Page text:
Gross Leverage (Insurance)

What is 'Gross Leverage (Insurance)'

The sum of an insurance company’s net leverage ratio and its ceded reinsurance leverage ratio. Gross leverage is used to determine how exposed an insurer is to pricing and estimation errors, as well as its exposure to reinsurance companies.

BREAKING DOWN 'Gross Leverage (Insurance)'

An insurance company balances two goals: investing the premiums it receives from underwriting activities so as to return a profit, and limiting its risk exposure created by the policies that it underwrites. Insurers may cede premiums to reinsurance companies in order to move some of the risks off of their books.

Gross leverage is a type of leverage ratio. It represents the sum of the net premiums written ratio, net liability ratio, and ceded reinsurance ratio. What gross leverage ratio is considered acceptable depends on what type of insurance a company underwrites, though the desired range typically falls below 5.0 for property insurers and below 7.0 for liability insurers. An insurer’s gross leverage will typically be higher than its net leverage because the gross leverage ratio includes ceded reinsurance leverage. Other types of leverage ratios used in the insurance industry include net leverage, reinsurance recoverables to policyholders’ surplus, and Best’s capital adequacy ratio (BCAR).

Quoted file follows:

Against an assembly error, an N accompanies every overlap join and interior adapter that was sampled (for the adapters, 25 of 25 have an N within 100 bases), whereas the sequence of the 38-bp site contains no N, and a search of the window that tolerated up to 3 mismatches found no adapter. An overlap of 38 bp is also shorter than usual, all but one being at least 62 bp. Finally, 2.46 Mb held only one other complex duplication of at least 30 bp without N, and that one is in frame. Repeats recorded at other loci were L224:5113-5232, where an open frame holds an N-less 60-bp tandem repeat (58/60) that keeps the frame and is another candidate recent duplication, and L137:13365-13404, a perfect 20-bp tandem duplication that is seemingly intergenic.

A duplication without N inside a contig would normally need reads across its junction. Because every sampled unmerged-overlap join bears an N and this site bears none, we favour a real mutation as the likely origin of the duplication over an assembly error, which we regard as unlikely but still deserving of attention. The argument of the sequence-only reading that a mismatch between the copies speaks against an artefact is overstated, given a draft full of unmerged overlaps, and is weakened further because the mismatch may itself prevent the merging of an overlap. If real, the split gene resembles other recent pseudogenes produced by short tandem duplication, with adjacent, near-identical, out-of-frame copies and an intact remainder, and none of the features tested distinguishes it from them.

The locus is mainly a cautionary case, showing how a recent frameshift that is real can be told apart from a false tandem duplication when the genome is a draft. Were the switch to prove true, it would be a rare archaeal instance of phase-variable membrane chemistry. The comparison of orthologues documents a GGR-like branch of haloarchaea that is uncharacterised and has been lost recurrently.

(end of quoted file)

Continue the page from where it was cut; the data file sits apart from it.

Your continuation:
Ratings agencies typically look at a number of different financial ratios when determining the health of an insurance company. These ratios are created through an examination of the insurer’s balance sheet. In addition to gross leverage, a ratings agency will also look at return on assets, retention ratio, gross premiums written, and the amount and type of assets. The agency will look at the values for the different financial ratios for a single insurer, and then compare those values against the values of similar insurance companies and the industry as a whole.

Insurers may set a target for an acceptable gross leverage ratio, similar to how a central bank may set an interest rate target. In some situations an insurer may accept a higher gross leverage, such as when it uses debt and cash to acquire a new company.